Posted on: August 28, 2014in Blog
GO. INTERVIEW. SUPERVISE. What To Do When a Client Wants to Self-Collect
Many of our recent requests for eDiscovery training seminars have to do with collection of ESI, and specifically, the dangers of eDiscovery self-collection. These typically come from law firms who routinely are asked by their clients to let Corporate IT collect the ESI. Then they accede to the request and are subsequently surprised either by the volume of ESI delivered to them or by a deposition response identifying some source of ESI not previously disclosed. Outside counsel is looking for ways to manage the risk of client self-collection.
Yet most of our recent requests for eDiscovery consulting come from corporate clients looking to improve their internal capabilities for litigation response planning, litigation hold and internal collection process, tools and training. The impetus to tackle litigation response planning is the repetitive emergency drills to which they’ve been subjected due to case-specific legal hold requirements. Clients are increasingly looking for ways to manage preservation and collection in-house, and without a doubt this trend will continue.
Your IT department should not try manage electronic evidence during internal investigations if they don't have the experience - even when instructed by the legal department. Watch this On-Demand webinar to learn more about how these teams can collaborate for a more effective process.
Recently, in Brown v Tellermate Holdings, plaintiffs were granted a motion for judgment and for sanctions, primarily because of discovery abuses. The abuses arose because either the client did not disclose or counsel did not inquire into or appreciate the extent to which its client had responsive information it did not produce.
In the more widely publicized Branhaven v Beeftek the court imposed sanctions on both the client and the attorney for failing to make proper inquiries as to the sources of ESI and both intentionally and erroneously certifying discovery compliance with a Rule 26(g) statement.
What can a diligent outside counsel do if his/her client insists on performing its own search and collection? There is a position that outside counsel should take in every case, regardless of who is going to do the preservation and collection.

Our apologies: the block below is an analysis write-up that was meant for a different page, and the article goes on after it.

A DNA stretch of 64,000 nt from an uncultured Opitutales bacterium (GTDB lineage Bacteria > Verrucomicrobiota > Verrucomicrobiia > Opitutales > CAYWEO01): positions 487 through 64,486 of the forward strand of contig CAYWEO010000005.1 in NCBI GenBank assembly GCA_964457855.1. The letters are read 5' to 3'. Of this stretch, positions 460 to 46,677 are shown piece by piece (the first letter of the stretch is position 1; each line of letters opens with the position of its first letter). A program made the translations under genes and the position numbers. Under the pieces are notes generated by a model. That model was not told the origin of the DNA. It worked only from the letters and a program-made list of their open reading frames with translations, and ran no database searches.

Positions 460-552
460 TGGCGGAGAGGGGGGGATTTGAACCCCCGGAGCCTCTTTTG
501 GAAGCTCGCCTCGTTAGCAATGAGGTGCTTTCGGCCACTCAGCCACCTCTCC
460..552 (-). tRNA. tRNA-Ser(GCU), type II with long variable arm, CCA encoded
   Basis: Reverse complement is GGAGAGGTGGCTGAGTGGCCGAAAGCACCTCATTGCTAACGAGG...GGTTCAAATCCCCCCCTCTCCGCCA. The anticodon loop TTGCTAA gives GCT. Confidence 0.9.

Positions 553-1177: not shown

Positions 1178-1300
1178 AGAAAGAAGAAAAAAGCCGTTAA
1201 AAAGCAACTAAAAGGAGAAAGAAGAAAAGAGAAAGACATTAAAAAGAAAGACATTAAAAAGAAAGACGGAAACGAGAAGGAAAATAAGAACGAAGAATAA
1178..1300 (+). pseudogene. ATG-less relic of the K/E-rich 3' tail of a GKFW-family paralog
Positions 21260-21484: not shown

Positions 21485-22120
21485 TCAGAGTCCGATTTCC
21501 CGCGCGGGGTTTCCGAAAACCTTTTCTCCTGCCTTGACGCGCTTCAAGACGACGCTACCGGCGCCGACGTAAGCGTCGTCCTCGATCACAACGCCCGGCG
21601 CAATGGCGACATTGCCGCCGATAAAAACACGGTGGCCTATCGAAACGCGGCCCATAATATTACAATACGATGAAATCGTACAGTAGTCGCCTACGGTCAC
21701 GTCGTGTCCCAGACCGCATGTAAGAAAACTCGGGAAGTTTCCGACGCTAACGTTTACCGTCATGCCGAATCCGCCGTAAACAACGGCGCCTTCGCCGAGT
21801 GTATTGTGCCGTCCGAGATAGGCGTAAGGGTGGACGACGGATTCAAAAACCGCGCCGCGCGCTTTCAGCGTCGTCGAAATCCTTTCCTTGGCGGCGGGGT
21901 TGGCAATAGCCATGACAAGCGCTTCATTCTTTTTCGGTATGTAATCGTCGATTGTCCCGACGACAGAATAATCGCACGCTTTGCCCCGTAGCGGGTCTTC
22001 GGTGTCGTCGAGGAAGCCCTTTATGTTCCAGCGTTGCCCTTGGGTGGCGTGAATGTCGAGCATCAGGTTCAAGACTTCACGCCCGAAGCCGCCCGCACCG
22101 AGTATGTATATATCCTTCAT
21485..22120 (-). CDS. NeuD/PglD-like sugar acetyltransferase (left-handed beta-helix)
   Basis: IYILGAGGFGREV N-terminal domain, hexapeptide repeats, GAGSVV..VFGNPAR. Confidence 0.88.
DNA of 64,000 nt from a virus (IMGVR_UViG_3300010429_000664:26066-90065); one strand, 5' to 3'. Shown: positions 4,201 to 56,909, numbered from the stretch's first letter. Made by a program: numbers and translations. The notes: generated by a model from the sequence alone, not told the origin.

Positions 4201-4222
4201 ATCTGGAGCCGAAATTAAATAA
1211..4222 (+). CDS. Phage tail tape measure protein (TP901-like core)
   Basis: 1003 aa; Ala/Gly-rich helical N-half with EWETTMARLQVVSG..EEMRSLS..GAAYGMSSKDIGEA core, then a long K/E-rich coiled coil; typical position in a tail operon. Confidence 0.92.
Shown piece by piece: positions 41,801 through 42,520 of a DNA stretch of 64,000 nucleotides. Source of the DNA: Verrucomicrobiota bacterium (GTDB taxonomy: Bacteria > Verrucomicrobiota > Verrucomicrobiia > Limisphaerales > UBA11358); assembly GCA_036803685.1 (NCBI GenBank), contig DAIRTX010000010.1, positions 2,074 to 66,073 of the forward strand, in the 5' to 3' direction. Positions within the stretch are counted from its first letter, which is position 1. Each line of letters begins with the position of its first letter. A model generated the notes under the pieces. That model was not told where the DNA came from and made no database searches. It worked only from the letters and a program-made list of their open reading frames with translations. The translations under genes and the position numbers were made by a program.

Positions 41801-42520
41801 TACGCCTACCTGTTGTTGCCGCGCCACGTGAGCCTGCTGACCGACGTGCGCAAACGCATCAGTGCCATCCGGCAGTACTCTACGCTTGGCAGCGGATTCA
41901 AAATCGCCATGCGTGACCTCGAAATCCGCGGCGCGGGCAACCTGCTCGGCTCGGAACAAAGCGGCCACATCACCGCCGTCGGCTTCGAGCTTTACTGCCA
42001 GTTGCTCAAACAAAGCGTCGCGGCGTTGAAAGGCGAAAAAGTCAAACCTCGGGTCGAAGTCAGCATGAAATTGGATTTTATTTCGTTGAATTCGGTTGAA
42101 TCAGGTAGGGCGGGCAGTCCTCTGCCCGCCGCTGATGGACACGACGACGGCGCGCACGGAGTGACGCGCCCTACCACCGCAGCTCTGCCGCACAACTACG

GO to the client site, meet with general counsel or the business client in charge, and meet with key business clients, ranking IT staff and hands-on IT staff.
INTERVIEW business clients not just about the facts of the case, but also about what email and files they sent and received as part of the facts of the case, what computer systems and resources they use or used for their work, and to document all of that information, and;
SUPERVISE whomever is managing the preservation and collection, whether it is vendor personnel, corporate IT personnel or law firm staff. In fact, if the attorney is ever going to say that he or she audited compliance with a legal hold, it is likely that an attorney will have to visit more than once. It doesn’t hurt to have with you an eDiscovery professional who is experienced in preservation and collection, even if that person isn’t doing the work.
Unless outside counsel has so much experience with a particular client, its computing environment, its capabilities for collection and preservation and the litigation experience and diligence of in-house counsel, IT and key business people, the litigator has to go, interview and supervise in each case. There is no good substitute, and no greater eye-opener. And having that much oversight doesn’t cost that much.
GO, INTERVIEW and SUPERVISE is not a Triathlon requiring months of training or a superhuman effort. It requires only basic litigation experience, some natural curiosity, a little preparation with an interview outline enhanced with questions about ESI, good writing skills, and possibly the company or attention of an eDiscovery professional.
The attorney who will GO, INTERVIEW and SUPERVISE has achieved the discovery trifecta (or maybe a triple play?), a tactical advantage in negotiating scope, a prospective win in any motion to compel or motion for sanctions, and a very good handle on the witnesses, facts and evidence in the case.
For the client who hires that attorney it is nothing less than the Triple Crown: discovery that fits the value and the budget of the case, protection against risks of spoliation, and an attorney working proactively with knowledge about witnesses, facts and evidence.
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